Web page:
Har nettopp skrevet denne teksten. Beklager at den er på engelsk, men jeg har eksamen i engelsk på mandag og orket ikke å stille om hjernen til norsk igjen . I tillegg er det kjekt mtp. at jeg bare kan copy-paste den om jeg vil legge den ut noen andre steder.
This is a post I've been meaning to make for quite some time.
Aiming well is a pretty damn important aspect of any FPS, BF4 included. Six or seven years ago I came across an article written by the manager of one of the worlds best CS 1.6-teams on how some of their star players were practicing their aim. This post is a rough repost of his essential points, with some modifications I have made myself over the years.
For the purpose of this text we will make the assumption that aim generally consists of two aspects: Your ability to track players, and your muscle memory. It's the last aspect we will focus on improving.
First a definition: I'm sure you have all seen fragmovies where the player notices an enemy pop up on his screen, and is able to seemingly instantly aim at his head and get a headshot (ANY Quake or CS fragmovie will feature atleast one shot like this). In some situations, this just boils down to luck. In others however, this is muscle memory: Your hand knows instinctively how far to move the mouse in order to move the crosshair to the correct position on your screen.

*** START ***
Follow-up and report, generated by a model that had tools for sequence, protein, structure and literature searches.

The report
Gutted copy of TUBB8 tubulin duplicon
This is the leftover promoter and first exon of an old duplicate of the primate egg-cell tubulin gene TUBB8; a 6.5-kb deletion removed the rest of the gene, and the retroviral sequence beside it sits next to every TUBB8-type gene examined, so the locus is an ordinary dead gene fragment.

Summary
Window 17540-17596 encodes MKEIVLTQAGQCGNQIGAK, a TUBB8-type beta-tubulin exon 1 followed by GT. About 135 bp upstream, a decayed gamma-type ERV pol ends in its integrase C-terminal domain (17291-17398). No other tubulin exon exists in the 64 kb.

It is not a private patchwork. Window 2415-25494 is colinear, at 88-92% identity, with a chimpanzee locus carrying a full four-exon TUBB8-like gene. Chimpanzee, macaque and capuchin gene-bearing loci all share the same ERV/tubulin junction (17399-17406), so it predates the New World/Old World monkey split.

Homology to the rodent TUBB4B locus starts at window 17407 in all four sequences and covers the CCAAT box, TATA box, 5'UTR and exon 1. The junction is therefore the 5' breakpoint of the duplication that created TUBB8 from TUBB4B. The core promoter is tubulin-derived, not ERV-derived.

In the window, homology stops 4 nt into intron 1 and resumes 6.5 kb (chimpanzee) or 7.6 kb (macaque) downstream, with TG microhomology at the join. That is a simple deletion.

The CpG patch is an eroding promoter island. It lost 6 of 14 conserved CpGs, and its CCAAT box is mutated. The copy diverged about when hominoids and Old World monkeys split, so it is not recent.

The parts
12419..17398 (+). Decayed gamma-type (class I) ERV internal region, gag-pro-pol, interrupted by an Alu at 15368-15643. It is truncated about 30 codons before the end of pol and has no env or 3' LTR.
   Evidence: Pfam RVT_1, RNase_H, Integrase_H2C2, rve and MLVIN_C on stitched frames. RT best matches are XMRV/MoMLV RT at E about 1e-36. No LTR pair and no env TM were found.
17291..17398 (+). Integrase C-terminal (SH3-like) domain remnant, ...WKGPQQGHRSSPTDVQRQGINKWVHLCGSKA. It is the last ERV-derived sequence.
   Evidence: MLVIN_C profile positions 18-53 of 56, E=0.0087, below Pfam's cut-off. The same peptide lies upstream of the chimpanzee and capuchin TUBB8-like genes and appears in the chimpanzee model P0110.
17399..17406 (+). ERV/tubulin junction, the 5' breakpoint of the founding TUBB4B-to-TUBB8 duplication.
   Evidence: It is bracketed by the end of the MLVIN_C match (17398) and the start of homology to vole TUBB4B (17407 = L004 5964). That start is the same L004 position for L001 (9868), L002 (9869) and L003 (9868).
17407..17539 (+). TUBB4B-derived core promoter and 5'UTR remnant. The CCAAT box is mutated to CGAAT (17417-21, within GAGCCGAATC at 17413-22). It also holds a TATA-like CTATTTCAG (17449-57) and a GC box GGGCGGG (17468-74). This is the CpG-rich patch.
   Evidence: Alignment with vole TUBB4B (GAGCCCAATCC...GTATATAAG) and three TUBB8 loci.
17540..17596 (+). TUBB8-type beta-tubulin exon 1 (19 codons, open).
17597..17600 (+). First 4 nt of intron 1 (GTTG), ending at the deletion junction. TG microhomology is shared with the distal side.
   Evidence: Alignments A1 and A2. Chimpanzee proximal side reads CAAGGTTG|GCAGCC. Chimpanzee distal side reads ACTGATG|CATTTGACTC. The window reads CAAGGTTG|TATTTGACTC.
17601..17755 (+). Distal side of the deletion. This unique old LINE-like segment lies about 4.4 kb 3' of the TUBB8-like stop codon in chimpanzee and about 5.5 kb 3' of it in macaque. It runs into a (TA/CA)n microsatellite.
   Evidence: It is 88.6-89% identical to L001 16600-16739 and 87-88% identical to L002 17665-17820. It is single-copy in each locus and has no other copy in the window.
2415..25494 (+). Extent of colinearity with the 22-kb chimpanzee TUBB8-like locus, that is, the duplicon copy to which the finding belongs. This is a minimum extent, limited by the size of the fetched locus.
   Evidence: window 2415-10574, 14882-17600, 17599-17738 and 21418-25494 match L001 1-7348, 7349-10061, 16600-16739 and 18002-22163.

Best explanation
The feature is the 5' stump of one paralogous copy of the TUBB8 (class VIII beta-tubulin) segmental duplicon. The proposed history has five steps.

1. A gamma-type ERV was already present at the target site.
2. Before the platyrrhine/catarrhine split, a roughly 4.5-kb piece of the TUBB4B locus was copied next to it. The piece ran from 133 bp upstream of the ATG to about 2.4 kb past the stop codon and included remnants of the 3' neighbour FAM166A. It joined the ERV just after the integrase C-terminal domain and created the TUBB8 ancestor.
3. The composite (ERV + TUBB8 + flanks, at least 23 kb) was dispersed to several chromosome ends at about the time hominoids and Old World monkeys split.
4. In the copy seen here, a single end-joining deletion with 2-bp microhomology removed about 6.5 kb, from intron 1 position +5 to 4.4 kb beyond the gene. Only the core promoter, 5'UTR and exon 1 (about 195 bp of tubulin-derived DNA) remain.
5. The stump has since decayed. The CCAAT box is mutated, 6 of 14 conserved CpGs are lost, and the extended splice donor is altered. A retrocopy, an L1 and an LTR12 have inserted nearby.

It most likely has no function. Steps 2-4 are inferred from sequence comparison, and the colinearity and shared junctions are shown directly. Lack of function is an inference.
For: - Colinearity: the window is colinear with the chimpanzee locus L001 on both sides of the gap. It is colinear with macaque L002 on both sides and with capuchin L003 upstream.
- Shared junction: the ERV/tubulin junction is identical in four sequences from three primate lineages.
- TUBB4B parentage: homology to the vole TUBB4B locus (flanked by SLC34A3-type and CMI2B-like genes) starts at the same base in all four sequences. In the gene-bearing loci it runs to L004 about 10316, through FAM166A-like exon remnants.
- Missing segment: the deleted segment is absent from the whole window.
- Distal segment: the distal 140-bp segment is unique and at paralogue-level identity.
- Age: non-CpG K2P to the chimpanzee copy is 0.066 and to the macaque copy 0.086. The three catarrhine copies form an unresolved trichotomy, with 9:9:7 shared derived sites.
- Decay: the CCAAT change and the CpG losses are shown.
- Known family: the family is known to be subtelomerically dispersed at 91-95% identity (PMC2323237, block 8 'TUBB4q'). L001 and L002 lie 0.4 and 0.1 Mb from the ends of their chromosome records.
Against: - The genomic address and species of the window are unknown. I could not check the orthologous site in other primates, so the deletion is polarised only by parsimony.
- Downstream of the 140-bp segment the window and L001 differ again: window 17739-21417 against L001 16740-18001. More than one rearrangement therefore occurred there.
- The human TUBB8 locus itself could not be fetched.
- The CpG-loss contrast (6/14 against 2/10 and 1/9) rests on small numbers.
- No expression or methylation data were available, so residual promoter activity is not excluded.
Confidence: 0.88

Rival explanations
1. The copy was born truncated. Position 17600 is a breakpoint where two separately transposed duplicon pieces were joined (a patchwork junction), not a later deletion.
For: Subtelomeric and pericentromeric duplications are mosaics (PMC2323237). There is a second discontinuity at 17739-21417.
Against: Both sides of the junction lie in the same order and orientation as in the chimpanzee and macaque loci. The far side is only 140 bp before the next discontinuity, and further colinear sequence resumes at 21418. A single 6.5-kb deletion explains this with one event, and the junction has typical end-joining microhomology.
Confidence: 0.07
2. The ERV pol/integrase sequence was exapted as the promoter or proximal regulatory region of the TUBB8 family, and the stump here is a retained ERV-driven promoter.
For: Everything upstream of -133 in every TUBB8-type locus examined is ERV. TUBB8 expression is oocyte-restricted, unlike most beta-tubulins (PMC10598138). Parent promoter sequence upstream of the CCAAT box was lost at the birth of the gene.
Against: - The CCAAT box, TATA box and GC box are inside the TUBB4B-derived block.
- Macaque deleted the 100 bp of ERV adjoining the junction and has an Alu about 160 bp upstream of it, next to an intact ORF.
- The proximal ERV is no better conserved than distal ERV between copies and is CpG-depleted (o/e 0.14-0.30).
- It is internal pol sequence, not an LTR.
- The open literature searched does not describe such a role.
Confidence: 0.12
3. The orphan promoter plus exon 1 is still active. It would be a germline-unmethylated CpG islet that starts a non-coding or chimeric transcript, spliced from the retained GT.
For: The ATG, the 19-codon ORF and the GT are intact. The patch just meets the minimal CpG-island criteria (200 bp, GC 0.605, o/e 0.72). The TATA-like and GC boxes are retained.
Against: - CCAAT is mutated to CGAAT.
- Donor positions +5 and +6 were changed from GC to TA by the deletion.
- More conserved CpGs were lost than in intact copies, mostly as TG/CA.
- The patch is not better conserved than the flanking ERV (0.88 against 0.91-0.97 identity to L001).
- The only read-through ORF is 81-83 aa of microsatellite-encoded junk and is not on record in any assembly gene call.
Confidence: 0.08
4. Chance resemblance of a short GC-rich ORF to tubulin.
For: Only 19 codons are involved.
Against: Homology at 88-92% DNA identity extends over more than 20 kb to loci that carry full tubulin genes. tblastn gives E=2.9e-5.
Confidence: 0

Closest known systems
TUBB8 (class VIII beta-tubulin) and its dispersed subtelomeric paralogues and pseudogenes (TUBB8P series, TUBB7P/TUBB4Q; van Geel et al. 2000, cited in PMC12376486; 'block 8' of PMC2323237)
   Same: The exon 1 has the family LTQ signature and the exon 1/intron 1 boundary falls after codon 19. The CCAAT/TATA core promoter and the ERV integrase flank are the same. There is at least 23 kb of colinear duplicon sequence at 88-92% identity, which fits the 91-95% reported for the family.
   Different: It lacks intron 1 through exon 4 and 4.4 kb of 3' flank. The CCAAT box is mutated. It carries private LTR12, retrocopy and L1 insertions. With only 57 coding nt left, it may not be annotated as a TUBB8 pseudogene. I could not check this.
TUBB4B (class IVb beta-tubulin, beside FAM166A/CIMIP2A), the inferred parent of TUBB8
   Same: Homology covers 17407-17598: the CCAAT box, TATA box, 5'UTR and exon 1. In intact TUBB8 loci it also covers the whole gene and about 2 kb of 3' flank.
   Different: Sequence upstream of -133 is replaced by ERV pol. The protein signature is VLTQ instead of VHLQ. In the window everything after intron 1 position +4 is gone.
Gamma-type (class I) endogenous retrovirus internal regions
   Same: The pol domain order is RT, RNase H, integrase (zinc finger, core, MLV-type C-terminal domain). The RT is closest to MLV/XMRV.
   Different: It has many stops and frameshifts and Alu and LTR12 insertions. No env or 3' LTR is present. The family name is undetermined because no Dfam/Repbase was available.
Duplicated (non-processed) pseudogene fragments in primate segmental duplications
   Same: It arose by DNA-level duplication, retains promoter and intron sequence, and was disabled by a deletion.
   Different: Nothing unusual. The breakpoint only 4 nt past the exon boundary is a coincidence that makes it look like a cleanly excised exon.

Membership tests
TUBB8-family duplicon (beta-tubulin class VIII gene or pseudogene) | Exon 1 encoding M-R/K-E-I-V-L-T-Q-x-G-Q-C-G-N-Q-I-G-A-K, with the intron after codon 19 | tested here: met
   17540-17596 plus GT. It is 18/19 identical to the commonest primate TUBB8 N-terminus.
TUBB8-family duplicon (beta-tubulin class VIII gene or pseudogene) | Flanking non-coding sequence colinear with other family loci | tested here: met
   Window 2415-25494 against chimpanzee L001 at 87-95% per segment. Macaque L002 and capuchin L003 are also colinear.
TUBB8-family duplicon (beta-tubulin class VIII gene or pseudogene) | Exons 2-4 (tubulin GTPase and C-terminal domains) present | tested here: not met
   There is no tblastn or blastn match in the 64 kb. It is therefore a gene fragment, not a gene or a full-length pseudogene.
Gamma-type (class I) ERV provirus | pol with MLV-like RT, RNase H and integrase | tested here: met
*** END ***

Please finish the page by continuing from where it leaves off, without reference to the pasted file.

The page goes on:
You can see the same thing in tons of other sports. A football player that gets the ball close to the opponents goal does not need to stop and think how much power he needs to apply or where to hit the ball to score, he simply shoots, same thing with a basketball player. How? Endless repetitions. A professional player will practice shooting from every possible position on the field again and again and again.
So how do we apply these principles to Battlefield 4?
It is actually incredibly simple once you rid yourself of one preconception: You DO NOT have to fire a single bullet to improve your aim!
All you need are a number of fixed points on a wall or something similar, a lot of patience and some enjoyable music. In the test-range I found a couple of suitable positions:
This last position is the best, as it has the most vertical points, whereas the other two will only help train your horizontal movements.
Now obviously the red dots are not there in game, but they are all clearly visible intersections between the framework. You pick a starting point, and then you start repeating moving your crosshair from the starting point to any other point and back. What's extremely important is that you are precise! At first you will have to move at a glacial speed in order to stop at the right time, but after a short while you will be able to do it faster and faster. This is your muscle memory becoming more and more familiar with the motions, and sooner than you might expect you will have tangible results in game!